|Jan 11, 2013, 08:17 AM|
found myself in need of a G-62ish engine for an upcoming plane i've been drawing up so i went digging through the junk at a local saw shop. amongst all the crap there was a reasonably decent husqvarna 61 that looked like it had been run over. got it tore down and was surprised to see that the cylinder looked brand new on the outside...just a hair of black near the exhaust but the rest was bare clean metal, no oil, no sawdust. never, ever seen a saw this clean...especially not one that's 25 years old.
anyhow, got inside the saw and the cylinder, piston and ring looked very good, well run in but no scoring or globs of baked carbon. then i got down into the case and things started looking very different: major rotting of the magnesium around the crank bearings. i can only assume that this is because the bearing bores are machined after the case is painted and therefore don't have any corrosion protection from whatever nasty stuff gets put into today's gasoline. looked like just pressing out a bearing would destroy the whole case....can't use this crap.
it was then that i remembered that i have a couple of bridgeports, lathes and other machine shop related equipment surrounding me
hasn't run yet, still need to sort out the ignition, carb and get some props but the hard part is over. more pics and details to come...
|Jan 11, 2013, 09:32 AM|
was going to contour the case like everyone else does with their bar stock cases but the only rotary table i have for the mill has been in pieces under the bench for a few years now....and i'm doing all this manually, no CNC....so i chose the lightening hole method and was surprised that it actually weighs less than the contoured case would due to the very thin walls i could get away with. probably more rigid as well.
on both halves the bearing bore was counter bored for the bearing retainers which are loctited and staked in place. the front one is also pinned and the rear one also closes off the case.
|Jan 11, 2013, 10:02 AM|
decided that even though most multi screw hubs are smooth i wanted this one to have teeth. maybe a bit safer but mainly i just wanted to try doing it. since i suck at knurling i went with cut "gnarls" instead
also notice the broached keyway in the hub. don't really need it as the taper actually does all the hub holding duties but it will make it easier to re-time the engine if i ever need to tear it down. this was done on the bridgeport...actually everything was done on the bridgeport: all of the turning including the hub taper.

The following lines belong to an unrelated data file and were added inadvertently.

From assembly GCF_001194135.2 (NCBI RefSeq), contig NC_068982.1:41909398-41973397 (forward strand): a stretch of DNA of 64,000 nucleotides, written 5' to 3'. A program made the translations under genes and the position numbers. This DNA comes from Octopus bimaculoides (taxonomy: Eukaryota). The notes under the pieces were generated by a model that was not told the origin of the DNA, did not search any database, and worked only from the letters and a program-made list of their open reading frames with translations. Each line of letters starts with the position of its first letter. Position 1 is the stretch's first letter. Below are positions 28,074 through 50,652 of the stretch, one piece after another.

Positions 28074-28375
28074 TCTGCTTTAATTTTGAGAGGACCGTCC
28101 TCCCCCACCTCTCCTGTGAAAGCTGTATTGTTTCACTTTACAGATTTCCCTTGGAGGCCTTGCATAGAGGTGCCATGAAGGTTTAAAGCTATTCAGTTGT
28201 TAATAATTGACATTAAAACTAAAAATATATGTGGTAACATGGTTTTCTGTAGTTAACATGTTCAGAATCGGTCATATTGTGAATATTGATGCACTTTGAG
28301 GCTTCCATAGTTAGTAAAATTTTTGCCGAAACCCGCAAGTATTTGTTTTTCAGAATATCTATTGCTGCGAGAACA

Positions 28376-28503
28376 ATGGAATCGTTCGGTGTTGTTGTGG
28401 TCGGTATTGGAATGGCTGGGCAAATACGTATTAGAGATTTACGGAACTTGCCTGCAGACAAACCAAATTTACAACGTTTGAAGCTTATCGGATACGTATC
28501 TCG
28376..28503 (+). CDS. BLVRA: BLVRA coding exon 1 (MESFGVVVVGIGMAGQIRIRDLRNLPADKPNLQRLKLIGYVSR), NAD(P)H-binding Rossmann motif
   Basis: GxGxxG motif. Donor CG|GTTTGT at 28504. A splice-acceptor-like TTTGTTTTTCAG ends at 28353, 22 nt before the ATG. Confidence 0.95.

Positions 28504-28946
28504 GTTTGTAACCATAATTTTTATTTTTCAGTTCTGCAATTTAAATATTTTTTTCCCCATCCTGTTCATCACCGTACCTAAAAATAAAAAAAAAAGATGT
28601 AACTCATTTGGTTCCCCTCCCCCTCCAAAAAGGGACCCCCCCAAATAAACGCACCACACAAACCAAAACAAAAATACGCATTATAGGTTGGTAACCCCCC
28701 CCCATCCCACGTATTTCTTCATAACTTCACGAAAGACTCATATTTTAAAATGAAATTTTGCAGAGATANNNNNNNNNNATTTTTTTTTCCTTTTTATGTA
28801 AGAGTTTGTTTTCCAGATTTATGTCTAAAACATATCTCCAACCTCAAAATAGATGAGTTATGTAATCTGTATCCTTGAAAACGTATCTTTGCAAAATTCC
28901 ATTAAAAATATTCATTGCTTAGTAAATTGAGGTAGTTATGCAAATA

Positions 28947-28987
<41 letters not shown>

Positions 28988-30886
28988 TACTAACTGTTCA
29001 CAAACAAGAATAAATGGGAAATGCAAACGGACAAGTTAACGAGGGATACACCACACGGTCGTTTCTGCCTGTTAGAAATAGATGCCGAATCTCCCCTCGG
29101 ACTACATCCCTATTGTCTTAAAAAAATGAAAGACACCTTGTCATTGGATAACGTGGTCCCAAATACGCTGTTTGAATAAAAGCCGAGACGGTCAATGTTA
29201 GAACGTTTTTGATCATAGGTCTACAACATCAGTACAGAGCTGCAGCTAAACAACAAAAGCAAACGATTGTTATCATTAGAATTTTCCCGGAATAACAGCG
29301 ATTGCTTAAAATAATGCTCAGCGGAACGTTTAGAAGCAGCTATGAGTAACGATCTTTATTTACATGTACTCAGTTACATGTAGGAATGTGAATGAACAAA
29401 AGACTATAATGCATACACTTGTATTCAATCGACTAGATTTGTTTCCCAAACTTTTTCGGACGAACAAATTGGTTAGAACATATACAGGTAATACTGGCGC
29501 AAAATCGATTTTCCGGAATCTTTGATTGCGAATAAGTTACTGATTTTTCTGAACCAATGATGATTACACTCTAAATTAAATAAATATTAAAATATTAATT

|Jan 11, 2013, 10:30 AM|
and some of the complete engine so far. the fins on the jug were cut way down and this saved over 4 ounces. was kinda ugly after the milling and filing and since i have no way to bead blast it back to a nice uniform finish i just hit it with high temp spray paint...hey, at least it's not "air hobbies" red
and yes, i know i'm missing the carb insulator block. i just put that carb on for the photos and to weigh it to see how it compares to other engines. i will be making up my own carb for use with methanol and it should also be a whole lot lighter than the tillotson which is exactly 5 ounces without any insulator.
so right now with the CM-6 plug, no ignition and no muffler it weighs almost exactly 64 ounces.....my ignition will add about 1.5-2 ounces and the new carb will be about 3 ounces lighter than the tillotson. mounts? don't need no stinking mounts, four screws through the firewall into the engine case with some 10mm thick aluminum washers as spacers...shouldn't add any weight. so that should put me in the ball park of the G-62 "lite", which is good considering that the zenoah probably has a lighter crank and cylinder than this engine.
how will it do power wise? don't know but since i'll be burning methanol i hope it'll at least be equal to the G-62. i've dropped the cylinder to get the squish as tight as i dare and cut the exhaust and transfers to gain back the duration lost to lowering the jug. on the degree wheel the numbers look good:
exhaust: 154 deg. duration
transfers: 118 deg duration
intake: 144 deg. duration
we shall see
|Jan 15, 2013, 04:47 PM|
Looks like a new one. Be sure to let us know if it works. I just got ahold of a Husqvarna 125B 28cc leaf blower. I'm looking to see if it can fly and worth the conversion. It is so new it looks off the shelf. Got it for $10 at a local surplus outlet, Grandview Outlets. $150 average new price.
One idea is to make it a .90 gasser heli conversion for sport flying. One or two lbs shouldn'y affect it, I hear a 90 can lift 15 lbs.
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